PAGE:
Addressing a crowd of supporters from the steps of his palace in Ankara on Monday after most ballots from the weekend’s voting showed a narrow 51.3 per cent victory for the ‘yes’ campaign, Mr Erdogan dismissed EU voting monitors who found the referendum was not a “genuinely democratic process.”
“The crusader mentality in the West and its servants at home have attacked us,” he said. “We neither see, hear, nor acknowledge the political reports you’ll prepare.
“We’ll continue on our path. Talk to the hand. This country has carried out the most democratic elections, not seen anywhere in the West.”
Earlier on Monday, the Organisation for Security and Cooperation in Europe (OSCE) had said that circumstances such as a “lack of equal opportunities, one-sided media coverage, and limitations on fundamental freedoms” had created an “unlevel playing field” in the campaigning and voting process.
“In general, the referendum did not live up to Council of Europe standards. The legal framework was inadequate for the holding of a genuinely democratic process,” Cezar Florin Preda, head of the delegation from the Parliamentary Assembly of the Council of Europe, said in a statement.
Turkey’s president Recep Erdogan wins referendum to greatly expand powers
Turkey’s foreign ministry also labelled the comments “prejudiced” and “unacceptable”.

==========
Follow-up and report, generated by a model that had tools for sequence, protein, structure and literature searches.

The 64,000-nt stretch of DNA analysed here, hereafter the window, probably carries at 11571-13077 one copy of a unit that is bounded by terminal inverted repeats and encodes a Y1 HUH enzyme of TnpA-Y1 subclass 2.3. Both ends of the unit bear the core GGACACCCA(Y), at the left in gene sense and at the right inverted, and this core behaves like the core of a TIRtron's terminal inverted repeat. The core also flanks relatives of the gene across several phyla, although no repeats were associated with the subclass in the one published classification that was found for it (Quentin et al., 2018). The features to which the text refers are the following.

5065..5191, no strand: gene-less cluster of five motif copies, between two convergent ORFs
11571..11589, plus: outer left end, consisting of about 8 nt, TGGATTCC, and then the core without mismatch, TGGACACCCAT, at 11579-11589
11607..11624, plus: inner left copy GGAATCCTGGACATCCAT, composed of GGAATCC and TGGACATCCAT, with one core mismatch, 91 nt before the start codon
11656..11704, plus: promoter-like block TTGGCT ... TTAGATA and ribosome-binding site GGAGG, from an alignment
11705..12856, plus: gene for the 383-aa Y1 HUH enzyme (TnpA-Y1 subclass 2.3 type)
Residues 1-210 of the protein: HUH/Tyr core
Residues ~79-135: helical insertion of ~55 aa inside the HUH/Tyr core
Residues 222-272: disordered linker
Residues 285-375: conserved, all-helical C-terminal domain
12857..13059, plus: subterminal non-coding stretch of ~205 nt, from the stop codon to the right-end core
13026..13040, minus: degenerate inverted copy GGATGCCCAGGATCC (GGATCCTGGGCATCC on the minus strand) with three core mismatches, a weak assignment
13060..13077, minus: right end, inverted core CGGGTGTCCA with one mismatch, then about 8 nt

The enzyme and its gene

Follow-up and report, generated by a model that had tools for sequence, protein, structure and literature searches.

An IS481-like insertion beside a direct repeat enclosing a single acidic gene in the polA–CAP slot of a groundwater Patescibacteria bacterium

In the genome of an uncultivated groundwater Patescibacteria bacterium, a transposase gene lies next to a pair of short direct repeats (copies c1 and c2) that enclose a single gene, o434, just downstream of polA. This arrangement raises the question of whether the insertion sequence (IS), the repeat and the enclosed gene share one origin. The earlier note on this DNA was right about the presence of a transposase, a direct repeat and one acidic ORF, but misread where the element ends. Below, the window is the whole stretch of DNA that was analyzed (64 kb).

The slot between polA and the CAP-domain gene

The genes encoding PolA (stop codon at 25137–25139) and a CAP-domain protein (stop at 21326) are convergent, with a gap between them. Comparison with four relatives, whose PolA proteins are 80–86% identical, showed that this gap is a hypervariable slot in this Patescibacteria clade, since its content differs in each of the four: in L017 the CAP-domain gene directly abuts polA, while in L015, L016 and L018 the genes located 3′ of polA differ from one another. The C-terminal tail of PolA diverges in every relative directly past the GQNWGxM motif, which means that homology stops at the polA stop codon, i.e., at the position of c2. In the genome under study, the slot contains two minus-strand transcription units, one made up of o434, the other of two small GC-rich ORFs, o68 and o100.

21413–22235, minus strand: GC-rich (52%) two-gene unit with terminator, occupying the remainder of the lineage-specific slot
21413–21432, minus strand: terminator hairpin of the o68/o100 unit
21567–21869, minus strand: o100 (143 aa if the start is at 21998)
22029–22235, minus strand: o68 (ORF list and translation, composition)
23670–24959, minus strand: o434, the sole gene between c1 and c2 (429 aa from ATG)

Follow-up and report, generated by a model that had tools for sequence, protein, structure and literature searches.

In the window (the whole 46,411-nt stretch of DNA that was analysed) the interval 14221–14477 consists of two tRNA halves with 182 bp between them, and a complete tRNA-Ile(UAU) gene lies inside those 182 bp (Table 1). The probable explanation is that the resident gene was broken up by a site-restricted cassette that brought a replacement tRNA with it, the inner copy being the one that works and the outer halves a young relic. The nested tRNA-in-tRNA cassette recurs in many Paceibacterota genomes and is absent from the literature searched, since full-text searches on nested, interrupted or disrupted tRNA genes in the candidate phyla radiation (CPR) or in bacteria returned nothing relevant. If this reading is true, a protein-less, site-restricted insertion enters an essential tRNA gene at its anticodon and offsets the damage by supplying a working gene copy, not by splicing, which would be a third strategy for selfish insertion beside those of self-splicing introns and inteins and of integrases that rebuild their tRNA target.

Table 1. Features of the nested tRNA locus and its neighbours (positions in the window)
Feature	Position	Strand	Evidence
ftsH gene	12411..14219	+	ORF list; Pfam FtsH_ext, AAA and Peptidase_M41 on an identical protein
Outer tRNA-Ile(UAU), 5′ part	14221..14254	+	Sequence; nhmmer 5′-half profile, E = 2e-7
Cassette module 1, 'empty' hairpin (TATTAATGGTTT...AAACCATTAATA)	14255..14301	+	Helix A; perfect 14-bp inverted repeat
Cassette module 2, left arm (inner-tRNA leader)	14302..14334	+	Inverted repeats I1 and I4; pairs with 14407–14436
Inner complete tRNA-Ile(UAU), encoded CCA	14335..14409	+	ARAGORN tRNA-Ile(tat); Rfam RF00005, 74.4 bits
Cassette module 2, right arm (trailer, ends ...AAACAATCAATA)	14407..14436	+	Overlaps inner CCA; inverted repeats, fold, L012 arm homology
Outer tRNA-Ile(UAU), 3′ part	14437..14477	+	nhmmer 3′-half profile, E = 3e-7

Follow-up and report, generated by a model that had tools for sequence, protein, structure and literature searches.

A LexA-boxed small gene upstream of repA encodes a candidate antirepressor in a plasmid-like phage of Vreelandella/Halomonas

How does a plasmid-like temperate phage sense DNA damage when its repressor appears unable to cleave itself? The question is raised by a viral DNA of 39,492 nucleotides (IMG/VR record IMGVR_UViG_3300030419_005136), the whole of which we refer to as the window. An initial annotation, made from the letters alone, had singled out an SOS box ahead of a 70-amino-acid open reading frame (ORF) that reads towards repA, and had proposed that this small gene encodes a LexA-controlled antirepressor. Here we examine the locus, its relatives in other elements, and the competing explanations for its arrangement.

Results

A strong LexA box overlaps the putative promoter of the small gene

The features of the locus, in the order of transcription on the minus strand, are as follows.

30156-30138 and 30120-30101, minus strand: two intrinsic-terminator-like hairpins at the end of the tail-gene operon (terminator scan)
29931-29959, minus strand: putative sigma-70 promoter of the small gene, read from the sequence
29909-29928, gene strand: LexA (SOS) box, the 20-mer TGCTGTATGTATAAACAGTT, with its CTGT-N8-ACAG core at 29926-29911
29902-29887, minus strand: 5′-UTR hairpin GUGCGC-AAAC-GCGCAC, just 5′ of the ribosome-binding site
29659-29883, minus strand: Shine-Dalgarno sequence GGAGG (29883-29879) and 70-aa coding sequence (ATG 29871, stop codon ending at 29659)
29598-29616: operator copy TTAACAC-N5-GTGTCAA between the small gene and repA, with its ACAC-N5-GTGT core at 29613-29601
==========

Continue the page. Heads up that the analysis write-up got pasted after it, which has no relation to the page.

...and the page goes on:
Turkish-European relations have become increasingly strained amid concerns over Mr Erdogan’s human rights record and diplomatic spats over campaigning rules for expatriate Turks living in Germany and the Netherlands ahead of the weekend’s vote.
On Monday Mr Erdogan reiterated his position that in light of the narrow ‘yes’ victory Turkey could break off its decades-long bid to accede to the EU.
The changes to Turkey’s executive branches of government proposed under the referendum will effectively abolish the position of prime minister, and turn the president’s currently largely ceremonial role into an active one.
Mr Erdogan will have the power to appoint and fire ministers, name half the members of the country’s highest judicial body, hold the leadership of a political party while in office, and possibly stay in power for another 12 years.
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The president’s ruling AK party argues that Turkey’s current fragile economic and security situation needs strong leadership. Opponents, however, have already voiced fears that the president already holds too much power, and the ‘yes’ vote puts Turkey at risk of becoming an authoritarian state.
There has been a particular crackdown on members of the opposition, academics, journalists and rights activists since a failed military coup in July last year, after which the government declared a state of emergency.
Deputy Prime Minister Numan Kurtulmus told media on Monday that the current decree is to be extended by another three months.